• Additional living expenses (ALE) for residential claims
  • For residential lines, 5% of modeled storm surge damage as wind losses
  • For commercial lines, insured physical damage to structures and contents, and business interruption directly caused by storm surge (Other flood losses are not modeled or reflected in estimates.)
  • For business interruption, direct and indirect losses for insured risks that experience physical loss
  • For the automobile line, 100% of storm surge damage
  • 2016 Indexed Take-Up Rates
  • Demand surge

AIR’s modeled insured loss estimates for the United States do not include:

  • Losses paid out by the National Flood Insurance Program
  • Losses resulting from the compromise of existing defenses (e.g., natural and man-made levees)
  • Losses from the flooding of tunnels and subways
  • Losses to uninsured properties
  • Losses to infrastructure
  • Losses from extra-contractual obligations
  • Losses from hazardous waste cleanup, vandalism, or civil commotion, whether directly or indirectly caused by the event
  • Other non-modeled losses
  • Losses for U.S. offshore assets and non-U.S. property (AIR estimates these losses separately.)

AIR’s modeled insured loss estimates for the Caribbean include:

  • Insured physical damage to onshore property (residential, commercial, and industrial) and auos due to wind and precipitation-induced flooding
  • Insured loss to contents
  • 2016 Indexed Take-Up Rates
  • Losses due to business interruption
  • Losses to industrial facilities
  • Additional living expenses (ALE) for residential claims
  • For residential lines in the U.S. territories of Puerto Rico and the U.S. Virgin Islands, 10% of modeled precipitation induced flooding damage under wind policies
  • For residential lines in territories other than in the U.S. territories of Puerto Rico and the U.S. Virgin Islands, 100% of flood losses
  • For commercial lines in the U.S. territories of Puerto Rico and the U.S. Virgin Islands, insured physical damage to structures and contents and business interruption directly caused by precipitation-induced flooding, assuming a 10% take-up rate for commercial flood policies
  • For commercial lines in territories other than in the U.S. territories of Puerto Rico and the U.S. Virgin Islands, 100% of flood losses
  • For business interruption losses, direct and indirect losses for insured risks that experience physical loss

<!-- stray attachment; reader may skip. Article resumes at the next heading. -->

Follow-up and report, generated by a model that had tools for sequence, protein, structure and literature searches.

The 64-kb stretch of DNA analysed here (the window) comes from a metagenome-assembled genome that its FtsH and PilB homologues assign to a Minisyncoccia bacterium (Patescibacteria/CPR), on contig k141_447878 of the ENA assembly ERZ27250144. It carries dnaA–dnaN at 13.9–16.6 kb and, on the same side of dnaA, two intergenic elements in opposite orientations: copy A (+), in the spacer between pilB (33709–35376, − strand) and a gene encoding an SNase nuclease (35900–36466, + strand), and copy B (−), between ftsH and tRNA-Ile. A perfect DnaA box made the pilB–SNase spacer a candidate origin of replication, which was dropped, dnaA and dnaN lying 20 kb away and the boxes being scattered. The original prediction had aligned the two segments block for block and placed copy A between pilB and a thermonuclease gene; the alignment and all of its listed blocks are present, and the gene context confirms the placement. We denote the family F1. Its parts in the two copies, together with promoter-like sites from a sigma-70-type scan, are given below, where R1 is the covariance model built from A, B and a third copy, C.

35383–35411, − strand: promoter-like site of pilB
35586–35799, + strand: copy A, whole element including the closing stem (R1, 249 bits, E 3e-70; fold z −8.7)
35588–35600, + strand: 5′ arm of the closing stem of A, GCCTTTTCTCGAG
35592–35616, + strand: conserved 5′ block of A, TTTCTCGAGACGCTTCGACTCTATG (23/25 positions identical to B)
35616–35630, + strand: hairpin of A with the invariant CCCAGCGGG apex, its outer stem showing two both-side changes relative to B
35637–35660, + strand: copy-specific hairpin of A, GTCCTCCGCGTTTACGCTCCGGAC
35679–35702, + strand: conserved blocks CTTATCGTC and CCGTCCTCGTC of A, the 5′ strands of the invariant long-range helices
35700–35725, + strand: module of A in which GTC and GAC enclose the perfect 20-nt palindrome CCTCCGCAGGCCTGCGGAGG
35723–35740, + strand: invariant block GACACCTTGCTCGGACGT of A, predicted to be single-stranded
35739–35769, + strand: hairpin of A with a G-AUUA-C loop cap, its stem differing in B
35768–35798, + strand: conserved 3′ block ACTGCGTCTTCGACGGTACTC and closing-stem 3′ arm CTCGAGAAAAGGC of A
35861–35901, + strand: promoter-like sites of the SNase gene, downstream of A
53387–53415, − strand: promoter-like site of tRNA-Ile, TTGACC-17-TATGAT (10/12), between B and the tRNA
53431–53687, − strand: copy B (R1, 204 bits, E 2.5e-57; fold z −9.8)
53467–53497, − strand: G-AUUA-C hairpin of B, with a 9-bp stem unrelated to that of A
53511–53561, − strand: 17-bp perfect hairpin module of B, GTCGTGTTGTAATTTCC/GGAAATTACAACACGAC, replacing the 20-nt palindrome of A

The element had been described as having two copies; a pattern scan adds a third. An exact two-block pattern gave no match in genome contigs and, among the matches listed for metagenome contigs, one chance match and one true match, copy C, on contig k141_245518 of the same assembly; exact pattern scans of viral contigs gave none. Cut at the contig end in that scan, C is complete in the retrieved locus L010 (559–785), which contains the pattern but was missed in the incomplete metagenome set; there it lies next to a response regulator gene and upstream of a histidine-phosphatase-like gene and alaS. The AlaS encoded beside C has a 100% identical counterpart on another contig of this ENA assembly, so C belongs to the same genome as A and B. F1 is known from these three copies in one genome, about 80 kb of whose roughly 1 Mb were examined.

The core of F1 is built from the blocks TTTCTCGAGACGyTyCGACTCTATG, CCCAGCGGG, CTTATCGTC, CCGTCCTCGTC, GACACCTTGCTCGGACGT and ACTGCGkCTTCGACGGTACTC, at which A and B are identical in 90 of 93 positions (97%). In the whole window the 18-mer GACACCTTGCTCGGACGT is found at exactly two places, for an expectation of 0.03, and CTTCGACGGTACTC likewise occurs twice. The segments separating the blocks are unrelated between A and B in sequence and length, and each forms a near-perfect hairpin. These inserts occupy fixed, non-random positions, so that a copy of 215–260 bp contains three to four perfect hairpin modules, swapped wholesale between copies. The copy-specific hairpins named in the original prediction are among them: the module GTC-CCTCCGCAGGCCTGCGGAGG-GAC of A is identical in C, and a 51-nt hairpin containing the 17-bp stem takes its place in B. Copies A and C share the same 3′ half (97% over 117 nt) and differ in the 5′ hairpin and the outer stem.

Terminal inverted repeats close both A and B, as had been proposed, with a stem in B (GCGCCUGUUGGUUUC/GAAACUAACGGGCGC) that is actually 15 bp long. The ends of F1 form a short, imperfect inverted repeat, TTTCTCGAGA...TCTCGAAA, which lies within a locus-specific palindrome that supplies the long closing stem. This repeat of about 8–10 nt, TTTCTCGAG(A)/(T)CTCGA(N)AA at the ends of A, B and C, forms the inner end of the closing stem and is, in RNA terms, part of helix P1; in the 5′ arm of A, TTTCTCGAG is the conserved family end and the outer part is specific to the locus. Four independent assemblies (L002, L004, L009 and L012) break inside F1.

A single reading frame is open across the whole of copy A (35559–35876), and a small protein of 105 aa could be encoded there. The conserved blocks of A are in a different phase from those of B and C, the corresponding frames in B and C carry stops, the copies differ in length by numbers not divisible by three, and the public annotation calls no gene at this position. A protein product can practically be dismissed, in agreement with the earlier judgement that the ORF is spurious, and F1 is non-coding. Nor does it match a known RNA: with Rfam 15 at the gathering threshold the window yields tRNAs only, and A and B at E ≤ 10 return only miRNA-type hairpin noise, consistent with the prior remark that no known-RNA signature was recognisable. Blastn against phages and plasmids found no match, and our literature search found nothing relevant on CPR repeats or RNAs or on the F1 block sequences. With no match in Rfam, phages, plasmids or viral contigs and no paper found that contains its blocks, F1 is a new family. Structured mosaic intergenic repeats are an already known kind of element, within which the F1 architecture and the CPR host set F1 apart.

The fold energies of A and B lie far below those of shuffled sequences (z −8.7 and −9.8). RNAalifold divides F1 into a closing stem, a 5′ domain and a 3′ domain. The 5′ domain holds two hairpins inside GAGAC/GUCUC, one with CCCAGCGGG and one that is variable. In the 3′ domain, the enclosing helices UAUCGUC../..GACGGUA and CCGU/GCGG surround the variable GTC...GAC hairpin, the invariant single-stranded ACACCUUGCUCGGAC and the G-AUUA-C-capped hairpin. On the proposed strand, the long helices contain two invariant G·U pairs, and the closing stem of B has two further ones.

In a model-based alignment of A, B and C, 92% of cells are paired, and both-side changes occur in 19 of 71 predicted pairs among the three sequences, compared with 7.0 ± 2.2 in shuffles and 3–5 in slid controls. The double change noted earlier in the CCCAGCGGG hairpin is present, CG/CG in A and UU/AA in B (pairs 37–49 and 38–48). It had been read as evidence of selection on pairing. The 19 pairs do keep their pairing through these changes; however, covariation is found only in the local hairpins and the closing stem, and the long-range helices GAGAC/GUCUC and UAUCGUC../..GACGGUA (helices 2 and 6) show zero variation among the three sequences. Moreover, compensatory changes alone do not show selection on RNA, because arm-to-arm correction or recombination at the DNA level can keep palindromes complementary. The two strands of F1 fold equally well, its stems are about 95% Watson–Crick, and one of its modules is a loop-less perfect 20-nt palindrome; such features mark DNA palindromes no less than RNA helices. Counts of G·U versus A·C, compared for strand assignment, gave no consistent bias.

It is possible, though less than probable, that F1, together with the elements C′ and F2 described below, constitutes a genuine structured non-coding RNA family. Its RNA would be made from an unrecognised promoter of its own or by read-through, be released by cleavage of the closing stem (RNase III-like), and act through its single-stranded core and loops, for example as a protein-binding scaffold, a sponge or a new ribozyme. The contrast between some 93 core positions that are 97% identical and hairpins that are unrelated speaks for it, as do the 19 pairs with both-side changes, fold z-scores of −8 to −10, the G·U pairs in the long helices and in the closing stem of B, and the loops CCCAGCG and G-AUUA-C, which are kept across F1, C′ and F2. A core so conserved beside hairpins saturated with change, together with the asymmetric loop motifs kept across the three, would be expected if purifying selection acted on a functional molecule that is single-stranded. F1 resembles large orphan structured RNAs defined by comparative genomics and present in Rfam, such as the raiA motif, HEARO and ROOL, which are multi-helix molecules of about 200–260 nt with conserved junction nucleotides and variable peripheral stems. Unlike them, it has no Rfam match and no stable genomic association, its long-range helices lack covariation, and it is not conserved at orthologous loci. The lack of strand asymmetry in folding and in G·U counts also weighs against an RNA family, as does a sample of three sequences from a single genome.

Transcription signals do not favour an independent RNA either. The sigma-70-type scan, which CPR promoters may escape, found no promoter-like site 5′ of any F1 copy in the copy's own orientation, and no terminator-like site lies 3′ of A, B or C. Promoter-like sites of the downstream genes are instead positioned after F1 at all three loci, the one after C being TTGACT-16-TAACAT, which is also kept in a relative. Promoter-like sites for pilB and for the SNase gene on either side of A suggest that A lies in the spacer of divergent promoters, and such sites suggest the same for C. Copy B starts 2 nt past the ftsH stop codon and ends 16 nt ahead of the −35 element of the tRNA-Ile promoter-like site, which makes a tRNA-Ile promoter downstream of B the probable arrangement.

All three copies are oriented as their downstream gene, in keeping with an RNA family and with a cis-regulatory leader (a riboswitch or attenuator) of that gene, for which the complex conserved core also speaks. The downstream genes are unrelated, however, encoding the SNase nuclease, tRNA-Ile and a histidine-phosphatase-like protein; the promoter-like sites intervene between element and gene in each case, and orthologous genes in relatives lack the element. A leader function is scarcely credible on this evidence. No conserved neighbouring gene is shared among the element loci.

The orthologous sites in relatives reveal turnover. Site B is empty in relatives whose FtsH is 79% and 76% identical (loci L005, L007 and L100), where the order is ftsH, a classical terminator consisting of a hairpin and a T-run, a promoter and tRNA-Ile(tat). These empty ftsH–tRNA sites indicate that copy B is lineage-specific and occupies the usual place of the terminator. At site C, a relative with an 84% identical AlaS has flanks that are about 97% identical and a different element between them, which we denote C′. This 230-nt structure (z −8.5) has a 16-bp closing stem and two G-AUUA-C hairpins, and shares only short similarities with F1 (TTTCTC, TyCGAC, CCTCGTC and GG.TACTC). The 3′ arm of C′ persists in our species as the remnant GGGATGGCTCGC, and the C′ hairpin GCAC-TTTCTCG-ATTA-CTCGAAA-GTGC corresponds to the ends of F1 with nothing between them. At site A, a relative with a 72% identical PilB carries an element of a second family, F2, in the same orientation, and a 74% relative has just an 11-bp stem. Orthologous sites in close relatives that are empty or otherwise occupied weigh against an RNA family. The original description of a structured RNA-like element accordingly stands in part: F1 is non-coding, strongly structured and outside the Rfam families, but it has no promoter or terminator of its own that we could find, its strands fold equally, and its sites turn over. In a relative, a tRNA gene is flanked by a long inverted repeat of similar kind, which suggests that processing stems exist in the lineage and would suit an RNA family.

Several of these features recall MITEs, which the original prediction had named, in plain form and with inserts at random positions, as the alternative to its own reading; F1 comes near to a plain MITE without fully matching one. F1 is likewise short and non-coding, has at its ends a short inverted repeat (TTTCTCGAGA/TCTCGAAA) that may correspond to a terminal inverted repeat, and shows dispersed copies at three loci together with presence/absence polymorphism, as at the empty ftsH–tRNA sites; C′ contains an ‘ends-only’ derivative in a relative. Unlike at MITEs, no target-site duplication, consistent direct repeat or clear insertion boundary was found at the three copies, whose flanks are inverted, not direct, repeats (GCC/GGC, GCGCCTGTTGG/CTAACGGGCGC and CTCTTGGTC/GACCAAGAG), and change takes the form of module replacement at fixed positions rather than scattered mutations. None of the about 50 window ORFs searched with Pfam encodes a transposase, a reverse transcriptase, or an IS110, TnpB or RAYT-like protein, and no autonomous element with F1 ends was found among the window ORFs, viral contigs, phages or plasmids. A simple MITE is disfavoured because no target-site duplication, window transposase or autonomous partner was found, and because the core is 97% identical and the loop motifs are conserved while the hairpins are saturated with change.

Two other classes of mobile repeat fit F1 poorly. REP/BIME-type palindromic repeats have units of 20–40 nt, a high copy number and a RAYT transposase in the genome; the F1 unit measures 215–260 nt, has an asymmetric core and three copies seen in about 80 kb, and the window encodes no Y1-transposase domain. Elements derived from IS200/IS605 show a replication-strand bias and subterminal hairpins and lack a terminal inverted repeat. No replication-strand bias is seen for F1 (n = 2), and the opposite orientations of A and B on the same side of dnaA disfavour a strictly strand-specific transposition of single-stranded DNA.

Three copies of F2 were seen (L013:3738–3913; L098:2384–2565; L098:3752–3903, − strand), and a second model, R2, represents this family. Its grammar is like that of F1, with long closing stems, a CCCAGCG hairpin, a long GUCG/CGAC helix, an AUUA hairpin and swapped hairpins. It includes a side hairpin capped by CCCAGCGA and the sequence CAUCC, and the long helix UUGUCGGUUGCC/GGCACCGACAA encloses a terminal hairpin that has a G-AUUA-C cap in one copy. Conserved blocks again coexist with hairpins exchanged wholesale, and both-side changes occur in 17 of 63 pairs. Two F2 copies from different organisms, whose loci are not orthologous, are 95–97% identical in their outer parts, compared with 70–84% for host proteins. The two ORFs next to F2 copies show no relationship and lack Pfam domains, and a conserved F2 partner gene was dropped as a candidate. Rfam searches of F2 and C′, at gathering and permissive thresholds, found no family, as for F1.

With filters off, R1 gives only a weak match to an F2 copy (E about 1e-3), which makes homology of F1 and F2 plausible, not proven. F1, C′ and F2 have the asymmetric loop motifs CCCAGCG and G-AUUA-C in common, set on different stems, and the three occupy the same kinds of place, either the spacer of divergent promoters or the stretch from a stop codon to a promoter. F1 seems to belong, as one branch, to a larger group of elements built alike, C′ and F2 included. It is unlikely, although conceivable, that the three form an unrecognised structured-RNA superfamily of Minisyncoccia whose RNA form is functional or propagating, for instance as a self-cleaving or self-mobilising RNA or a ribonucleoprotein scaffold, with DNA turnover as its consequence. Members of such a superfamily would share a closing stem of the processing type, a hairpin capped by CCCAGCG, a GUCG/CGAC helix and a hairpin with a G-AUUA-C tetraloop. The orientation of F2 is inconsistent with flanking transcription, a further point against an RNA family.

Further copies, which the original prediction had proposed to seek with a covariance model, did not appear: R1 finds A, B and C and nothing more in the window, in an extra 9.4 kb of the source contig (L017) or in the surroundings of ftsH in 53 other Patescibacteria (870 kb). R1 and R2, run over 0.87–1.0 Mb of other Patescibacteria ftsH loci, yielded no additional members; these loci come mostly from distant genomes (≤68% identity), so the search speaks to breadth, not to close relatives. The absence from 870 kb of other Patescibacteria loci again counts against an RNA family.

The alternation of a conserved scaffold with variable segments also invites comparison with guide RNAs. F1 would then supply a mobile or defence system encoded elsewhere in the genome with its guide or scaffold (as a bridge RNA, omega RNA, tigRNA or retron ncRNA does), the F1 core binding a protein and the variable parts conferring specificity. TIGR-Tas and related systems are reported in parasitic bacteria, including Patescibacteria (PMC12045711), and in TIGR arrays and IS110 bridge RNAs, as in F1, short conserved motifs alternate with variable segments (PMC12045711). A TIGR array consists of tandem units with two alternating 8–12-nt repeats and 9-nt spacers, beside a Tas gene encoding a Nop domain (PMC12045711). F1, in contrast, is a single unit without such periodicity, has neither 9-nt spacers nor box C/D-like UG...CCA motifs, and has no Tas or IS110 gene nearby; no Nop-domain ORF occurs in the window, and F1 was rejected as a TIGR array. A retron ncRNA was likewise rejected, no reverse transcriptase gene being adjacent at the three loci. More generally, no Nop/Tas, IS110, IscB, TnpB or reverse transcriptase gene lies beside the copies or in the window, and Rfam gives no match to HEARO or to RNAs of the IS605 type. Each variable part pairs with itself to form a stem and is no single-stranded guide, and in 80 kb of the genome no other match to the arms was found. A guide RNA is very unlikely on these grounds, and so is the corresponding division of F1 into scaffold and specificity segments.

• For storm surge, loss is implicitly accounted for in the wind damage functions

AIR’s modeled insured loss estimates for the Caribbean do not include:

  • Losses to infrastructure
  • Losses to boats (Losses for boats inside a building may be estimated if their replacement value is included as contents.)
  • Losses from hazardous waste cleanup, vandalism, or civil commotion whether directly or indirectly caused by the event
  • Demand surge (Users may choose to turn on demand surge or input a demand surge function of their own.)
  • Other non-modeled losses
  • Loss to offshore properties, pleasure boats, and marine craft
  • Losses resulting from the compromise of existing defenses (e.g., levees)
  • Losses to uninsured properties
  • Other non-modeled losses, including loss adjustment expenses

About AIR Worldwide
AIR Worldwide (AIR) provides catastrophe risk modeling solutions that make individuals, businesses, and society more resilient. AIR founded the catastrophe modeling industry in 1987, and today models the risk from natural catastrophes, terrorism, and pandemics globally. Insurance, reinsurance, financial, corporate, and government clients rely on AIR’s advanced science, software, and consulting services for catastrophe risk management, insurance-linked securities, site-specific engineering analyses, and agricultural risk management. AIR Worldwide, a Verisk Analytics (Nasdaq:VRSK) business, is headquartered in Boston with additional offices in North America, Europe, and Asia. For more information, please visit www.air-worldwide.com.

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Media Contact:
Kevin Long
AIR Worldwide
klong@air-worldwide.com
617-267-6645

Source: http://globenewswire.com/news-release/2016/10/13/879094/10165587/en/AIR-Worldwide-Estimates-Combined-Insured-Losses-for-Hurricane-Matthew-for-the-United-States-and-the-Caribbean-Will-Be-Between-USD-2-8-Billion-and-USD-8-8-Billion.html?f=22&fvtc=2&fvtv=1